The Demographic Dividend – India

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To start with this profound topic, a short introduction and definition will be necessary. The Demographic Dividend has been discussed throughout the media for years by now. And whatever opinion one might have, (will India waste or use this chance?), one will find proof for it.

But what is the demographic dividend?

The official definition for this socio-political occurrence is the rise in the rate of economic growth due to a rising share of working age people in population. India now has one of the world’s youngest population which in total counts 63.4% in the age group of 15-64 years, with a median age of 29. The comparison with the German demographics in which the median age is approximately 45 years, emphasizes the dimension of this economical advantage in India.

There are two important influencing factors on the demographic dividend which needs to be balanced to tease out economical development: fertility rate and the dependency ratio. The current fertility rate in India is 2.7 children per women and the dependency ratio lies by 0.5. The dependency ratio calculates all people who are economically dependent on the working age group, such as people below the age of 14 and older than 65. That means, if the fertility rate goes down and less babies are born, than less people are dependent on taxes, yet there is a huge part of the population paying taxes, therefore this money can be efficiently used for economical development.

But as the famous quote says: “This is easier said than done.” The problem that can be seen in India is, that there are the three deep-rooted aspects education, unemployment and the health care system, which were neglected from the political agenda for decades and which now turn out to be the most decelerating factors for a successful policy implementation regarding the demographic dividend.

1. Everyone has the right to education. Education shall be free, at least in the elementary and fundamental stages. Elementary education shall be compulsory. Technical and professional education shall be made generally available and higher education shall be equally accessible to all on the basis of merit.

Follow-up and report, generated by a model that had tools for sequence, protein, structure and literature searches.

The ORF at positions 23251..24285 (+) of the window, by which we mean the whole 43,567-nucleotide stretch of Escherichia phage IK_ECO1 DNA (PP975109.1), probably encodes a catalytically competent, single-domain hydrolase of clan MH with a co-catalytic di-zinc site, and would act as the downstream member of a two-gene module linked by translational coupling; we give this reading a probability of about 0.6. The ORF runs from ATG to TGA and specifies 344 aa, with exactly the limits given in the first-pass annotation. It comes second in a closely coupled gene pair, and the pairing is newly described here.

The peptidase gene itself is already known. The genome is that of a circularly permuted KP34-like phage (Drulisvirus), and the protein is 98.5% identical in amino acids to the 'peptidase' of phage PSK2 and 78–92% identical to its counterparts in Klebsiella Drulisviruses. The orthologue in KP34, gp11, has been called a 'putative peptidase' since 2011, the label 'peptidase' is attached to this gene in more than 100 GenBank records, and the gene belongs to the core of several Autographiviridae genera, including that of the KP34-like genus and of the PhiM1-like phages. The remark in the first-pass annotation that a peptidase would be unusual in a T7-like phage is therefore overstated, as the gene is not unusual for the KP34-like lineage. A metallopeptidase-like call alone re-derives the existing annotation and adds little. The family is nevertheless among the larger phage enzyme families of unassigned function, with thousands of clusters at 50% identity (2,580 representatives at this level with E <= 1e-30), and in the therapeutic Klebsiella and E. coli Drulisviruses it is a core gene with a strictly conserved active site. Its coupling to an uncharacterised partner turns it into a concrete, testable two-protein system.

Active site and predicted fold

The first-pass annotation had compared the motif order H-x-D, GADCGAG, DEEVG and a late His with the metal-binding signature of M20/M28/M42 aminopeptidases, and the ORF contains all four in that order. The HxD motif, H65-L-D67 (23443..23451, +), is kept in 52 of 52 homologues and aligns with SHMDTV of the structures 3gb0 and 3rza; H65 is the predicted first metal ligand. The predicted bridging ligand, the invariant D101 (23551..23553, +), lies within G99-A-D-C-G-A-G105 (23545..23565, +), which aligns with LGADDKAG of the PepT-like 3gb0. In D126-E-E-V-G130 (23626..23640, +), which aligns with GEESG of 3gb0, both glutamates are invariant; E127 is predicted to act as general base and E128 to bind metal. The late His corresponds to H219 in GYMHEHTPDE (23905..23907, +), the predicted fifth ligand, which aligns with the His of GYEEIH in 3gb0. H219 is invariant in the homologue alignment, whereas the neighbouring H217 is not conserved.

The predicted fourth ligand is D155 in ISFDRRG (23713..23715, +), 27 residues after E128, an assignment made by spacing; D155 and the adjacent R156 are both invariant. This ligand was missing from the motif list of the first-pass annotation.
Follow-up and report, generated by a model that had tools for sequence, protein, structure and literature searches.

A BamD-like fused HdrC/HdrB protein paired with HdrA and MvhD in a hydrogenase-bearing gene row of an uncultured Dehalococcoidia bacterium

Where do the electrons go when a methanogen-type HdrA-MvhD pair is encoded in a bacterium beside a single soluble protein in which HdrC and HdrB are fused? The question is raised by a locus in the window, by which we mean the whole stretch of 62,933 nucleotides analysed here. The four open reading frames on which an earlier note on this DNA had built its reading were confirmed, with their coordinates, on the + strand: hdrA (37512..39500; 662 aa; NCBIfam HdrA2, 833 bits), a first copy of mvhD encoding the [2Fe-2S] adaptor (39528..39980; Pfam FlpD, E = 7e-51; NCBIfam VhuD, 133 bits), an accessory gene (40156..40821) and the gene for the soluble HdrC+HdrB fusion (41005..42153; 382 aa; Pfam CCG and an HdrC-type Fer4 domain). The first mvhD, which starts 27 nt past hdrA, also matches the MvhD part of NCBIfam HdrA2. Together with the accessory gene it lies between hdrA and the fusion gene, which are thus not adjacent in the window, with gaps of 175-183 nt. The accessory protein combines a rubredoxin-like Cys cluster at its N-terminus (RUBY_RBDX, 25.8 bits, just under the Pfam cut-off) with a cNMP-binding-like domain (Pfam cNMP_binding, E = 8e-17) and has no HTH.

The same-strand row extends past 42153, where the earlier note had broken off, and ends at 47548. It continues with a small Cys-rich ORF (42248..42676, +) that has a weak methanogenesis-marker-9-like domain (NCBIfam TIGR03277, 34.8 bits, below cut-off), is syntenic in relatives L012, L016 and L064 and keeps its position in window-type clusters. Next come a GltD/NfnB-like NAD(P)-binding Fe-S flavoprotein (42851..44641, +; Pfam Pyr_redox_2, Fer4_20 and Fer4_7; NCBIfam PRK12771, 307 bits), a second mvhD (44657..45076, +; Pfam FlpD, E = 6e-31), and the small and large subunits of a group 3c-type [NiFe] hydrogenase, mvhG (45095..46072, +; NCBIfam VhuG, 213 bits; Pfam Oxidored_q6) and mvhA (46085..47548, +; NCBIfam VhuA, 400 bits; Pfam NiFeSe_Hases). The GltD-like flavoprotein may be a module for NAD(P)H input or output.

– United Declaration of Human Rights, Article 26

Education in India is a topic which can fill a book of 10.000 pages, but to keep it short here, the main issue is that nowadays the Indian schools denote an increasing primary school enrollment (almost 98%), yet only 50-60% register for secondary education. Why is that? Approximately 70% of the Indian population lives in rural areas and due to lack of subsidies the economical situation is rather severe in most of these areas. Therefore a lot of male children drop out of school for labor purposes, women mainly leave school because of societal norms, such as an early marriage or household duties. This leads in the high rate of illiteracy in India. Officially there are 74% literate, yet the ability to calculate, read and write is exceedingly low. Until the current date the Indian government didn’t manage to curtail this situation.

As mentioned before, unemployment is one of the main reasons why children cannot enjoy sufficient education. This applies for rural as well as urban families. In India there is still 12% of child labor, which is only the official number. Most of the kids work in family businesses or on the black market.

The third factor that challenges the demographic dividend is the health care system. The Indian government only spends 1% of GDP on health issues, which is compared to the size of population and the  state of mal-nourishment only a breadcrumb. Another problem is the lack of access to medical facilities in rural areas, as long as people are sick and don’t have enough to eat, they will not be able to contribute to the economy.

But what are the advantages of the demographic dividend?
India is in a unique position regarding the labor market. By 2020 the majority of the Indian youth will enter the work force, estimations say that every 3rd white-collar worker in the U.S. will be Indian. Additionally the demographic dividend currently happening in China, will , because of the effects of the one-child-policy, most probably end at about the same time. Economically, the more people are working the more households will be able to save money and spend money. These market activities will boost the Indian economy and will attract more investment.

The question is, can the Indian government implement policies to turn the huge challenges around? The time is running…

Hourglass time clock with sand

Please check out The Harvard Project for Asian and International Relations


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